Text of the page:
I mostly attend open source/tech conferences in the Americas. I think I know what you mean, but that's not the main difference I see between FOSDEM and those conferences.
There's still "commercial" at FOSDEM (plenty of sales pitches in sessions, to begin with) but I think what's strikingly different is that FOSDEM has no "agenda", that is, the event isn't crafted around a theme and said theme doesn't dictate the rest of the content and the discussion.
Video should be available soon.
Edit: In retrospect this kind of sounds bad. ULB donates this huge campus for free which is a wonderful thing. Perhaps there is a better way to allocate speakers to rooms so that speakers with expected larger audiences are assigned to the largest rooms. An application for AI maybe?
Just curious: how do you meet at such events? If it were not for the booth, I'm not sure I would have talked with many people.
To be fair though, this isn't very different from any other large conference I've attended so far. Some commercial venues may have a useful conference dinner or other socializing events, especially if they're smaller. FOSDEM does have the beer event on Friday, but I've always attended that with people I already knew (at least from online collaboration), so I have no idea how it compares if you're on your own.
3 years ago I also decided not to come again, yet I did it this time; was a mistake.
It is overcrowded, because it's free. Queues in front of the crappy foodtrucks, coffee stands, rooms, everything, are there, because it is overcrowded. The feeling of dirtiness comes from the unpleasant buildings with tiny corridors, quickly applied concealing cardboards, ducktaped signs, underplanned amount and positioning of trash cans and the lack of enough cleaning staff.
We could explain for hours what other problems are stemming from the fact it is a free conference. However...
The organizers' unprofessionalism regarding crowd control, speaker introduction, moderation, maintaining the "OPEN/FULL" sign does not depend on money. I would think it's common sense, but apparently the moderators do not really care if in every 30 seconds there is someone sneaking in the room through a squeaking door. Every. Freaking. 30. Seconds.
Talks were great. All of those I managed to fit in the room, were fun, enjoyable, with a knowledgeable presenter. I felt extra bad for them trying to answer questions at the end of the sessions when people started to switch rooms because of tight schedules on scattered rooms.
Now I have an accountability buddy who would prevent me going to FOSDEM ever again, unless they introduce a fee of 50 bucks or something.
In the "Observability Track" the Fosdem staff member was totally pissed that no single person listened to his repeated continued pleas to stay back till the Q&A finishes and the talk concludes.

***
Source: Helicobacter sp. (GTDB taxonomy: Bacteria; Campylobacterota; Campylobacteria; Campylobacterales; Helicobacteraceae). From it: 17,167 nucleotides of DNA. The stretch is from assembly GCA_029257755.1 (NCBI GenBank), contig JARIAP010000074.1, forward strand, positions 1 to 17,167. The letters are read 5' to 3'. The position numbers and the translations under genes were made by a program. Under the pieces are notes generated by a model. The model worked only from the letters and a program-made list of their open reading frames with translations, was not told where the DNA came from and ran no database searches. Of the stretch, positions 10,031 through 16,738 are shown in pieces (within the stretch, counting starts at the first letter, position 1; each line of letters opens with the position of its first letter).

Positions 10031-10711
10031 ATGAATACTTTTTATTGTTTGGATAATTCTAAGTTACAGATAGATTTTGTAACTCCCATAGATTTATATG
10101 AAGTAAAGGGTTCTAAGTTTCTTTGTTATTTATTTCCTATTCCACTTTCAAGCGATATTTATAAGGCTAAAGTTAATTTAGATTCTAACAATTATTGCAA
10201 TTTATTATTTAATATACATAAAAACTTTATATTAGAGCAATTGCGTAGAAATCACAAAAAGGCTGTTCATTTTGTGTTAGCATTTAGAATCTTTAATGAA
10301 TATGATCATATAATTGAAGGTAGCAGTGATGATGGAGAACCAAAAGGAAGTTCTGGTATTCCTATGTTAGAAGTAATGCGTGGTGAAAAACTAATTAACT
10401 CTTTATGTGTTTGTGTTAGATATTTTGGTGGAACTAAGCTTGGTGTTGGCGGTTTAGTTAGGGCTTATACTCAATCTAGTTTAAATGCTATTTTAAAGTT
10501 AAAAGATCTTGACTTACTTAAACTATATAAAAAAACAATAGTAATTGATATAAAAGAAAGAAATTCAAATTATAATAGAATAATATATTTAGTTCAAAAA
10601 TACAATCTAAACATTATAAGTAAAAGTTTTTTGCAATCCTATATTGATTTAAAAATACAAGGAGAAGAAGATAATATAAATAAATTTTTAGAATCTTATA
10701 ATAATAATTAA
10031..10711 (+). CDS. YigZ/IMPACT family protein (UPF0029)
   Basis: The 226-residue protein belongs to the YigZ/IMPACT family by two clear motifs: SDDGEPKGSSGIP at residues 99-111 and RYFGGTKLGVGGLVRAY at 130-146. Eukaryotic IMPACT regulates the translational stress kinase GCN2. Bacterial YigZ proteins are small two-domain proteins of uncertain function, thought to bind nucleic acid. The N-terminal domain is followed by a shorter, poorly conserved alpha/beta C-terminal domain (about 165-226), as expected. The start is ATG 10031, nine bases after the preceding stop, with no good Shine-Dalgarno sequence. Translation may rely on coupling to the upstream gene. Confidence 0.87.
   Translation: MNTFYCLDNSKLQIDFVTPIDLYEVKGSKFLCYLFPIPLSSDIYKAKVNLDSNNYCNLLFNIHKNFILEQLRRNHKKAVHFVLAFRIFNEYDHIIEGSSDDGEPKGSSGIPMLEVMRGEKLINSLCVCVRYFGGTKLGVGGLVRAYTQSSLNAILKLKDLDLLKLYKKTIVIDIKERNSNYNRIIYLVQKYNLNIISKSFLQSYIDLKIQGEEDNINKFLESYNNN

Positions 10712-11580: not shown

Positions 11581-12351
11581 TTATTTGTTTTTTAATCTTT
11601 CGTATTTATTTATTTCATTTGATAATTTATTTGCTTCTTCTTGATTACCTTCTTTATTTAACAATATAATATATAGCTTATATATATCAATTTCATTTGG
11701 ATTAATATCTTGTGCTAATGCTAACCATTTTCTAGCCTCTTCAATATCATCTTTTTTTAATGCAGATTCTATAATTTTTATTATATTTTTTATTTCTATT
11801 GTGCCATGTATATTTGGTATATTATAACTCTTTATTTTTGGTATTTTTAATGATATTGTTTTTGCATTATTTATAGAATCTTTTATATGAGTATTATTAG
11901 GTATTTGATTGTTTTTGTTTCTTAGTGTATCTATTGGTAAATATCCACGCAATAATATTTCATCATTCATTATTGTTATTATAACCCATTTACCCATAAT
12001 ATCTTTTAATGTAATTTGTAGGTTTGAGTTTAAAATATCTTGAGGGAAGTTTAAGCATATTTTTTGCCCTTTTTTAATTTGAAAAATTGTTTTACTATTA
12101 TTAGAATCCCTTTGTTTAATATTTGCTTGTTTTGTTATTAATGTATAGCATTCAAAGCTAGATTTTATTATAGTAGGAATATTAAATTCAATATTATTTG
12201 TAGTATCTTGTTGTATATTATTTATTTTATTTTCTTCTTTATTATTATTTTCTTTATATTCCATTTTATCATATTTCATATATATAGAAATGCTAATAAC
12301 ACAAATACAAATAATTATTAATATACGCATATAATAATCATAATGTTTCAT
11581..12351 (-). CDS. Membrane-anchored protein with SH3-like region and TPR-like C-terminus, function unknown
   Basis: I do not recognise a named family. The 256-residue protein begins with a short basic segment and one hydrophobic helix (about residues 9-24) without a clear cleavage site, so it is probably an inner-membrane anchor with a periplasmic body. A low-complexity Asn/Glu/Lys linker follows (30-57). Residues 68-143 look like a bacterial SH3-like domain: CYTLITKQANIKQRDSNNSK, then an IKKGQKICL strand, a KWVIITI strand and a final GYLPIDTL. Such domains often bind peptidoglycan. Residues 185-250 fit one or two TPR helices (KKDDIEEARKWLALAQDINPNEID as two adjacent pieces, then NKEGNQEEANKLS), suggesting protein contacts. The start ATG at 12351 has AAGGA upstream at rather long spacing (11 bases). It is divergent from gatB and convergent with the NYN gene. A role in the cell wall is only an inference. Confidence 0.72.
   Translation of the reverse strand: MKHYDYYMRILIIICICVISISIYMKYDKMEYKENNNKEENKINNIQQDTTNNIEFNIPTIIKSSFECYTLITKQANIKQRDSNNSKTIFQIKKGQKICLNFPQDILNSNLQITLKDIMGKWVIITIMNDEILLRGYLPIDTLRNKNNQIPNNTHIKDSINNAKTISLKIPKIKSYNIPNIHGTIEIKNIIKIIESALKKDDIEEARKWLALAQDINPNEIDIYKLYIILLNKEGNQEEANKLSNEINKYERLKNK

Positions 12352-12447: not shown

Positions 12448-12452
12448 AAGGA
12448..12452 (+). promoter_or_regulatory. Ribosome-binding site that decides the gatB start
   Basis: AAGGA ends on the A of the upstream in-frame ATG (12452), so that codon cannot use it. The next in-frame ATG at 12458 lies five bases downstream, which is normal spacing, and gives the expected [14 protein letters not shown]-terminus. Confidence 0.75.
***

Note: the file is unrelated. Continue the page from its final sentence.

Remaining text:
Everyone attending Fosdem must have some level of courtesy towards those who speak and those who are attending.
Also in my eyes, lack of professionalism (or the intent of improve) undermines legitimization efforts.
Thus, with all the respect to those who really care about the volunteering, I don't think it's a legit excuse to repeat "but it's free!"
And don't forget, after all for us: It's not free. I, and many of the attendees paid heavy €s to fly there, book accommodation, eat out, etc. I don't mind to invest into going to conferences, networking, meetups, like OpenStack summit, kubecon/dockercon, Google cloud summit, react confs etc. However...
FOSDEM in it's current format is best consumed from your couch at home, following the live online streams. And one of the reasons for this apparently is that FOSDEM is unfortunately "free".
I think we are mostly beyond the need for legitimization of FLOSS these days. But as you mention there is no shortage of professional events.
That means I probably missed some of the FOSDEM experience but I also didn't experience much crazy (except for the wintry mix that made moving around so hard on Saturday)
You are right that the volunteer experience is inconsistent and I have no data to compare to other years. At times, in some rooms, it felt like the attendees were self-policing (shooshing others, controlling people standing up, etc.) when the volunteers were not. I've also been to events in other places (Open Source Summit Japan comes to mind) where there were volunteers but the experience was much more streamlined. It might be cultural, who knows.
What I heard (and therefore wasn't expecting) is that nothing new gets announced at FOSDEM anymore. However there are still tens of thousands of people in the industry that might hear the news on Twitter/HN/elsewhere and still want to go ask questions/have a debate.
FROSCON in Bonn,
> Some rando is excited because
This is where I stopped reading. Digital toxic waste.
> The fact that the article contains actual code is like kryptonite to Hackernews; the vote-to-comment ratio is well in excess of ten to one.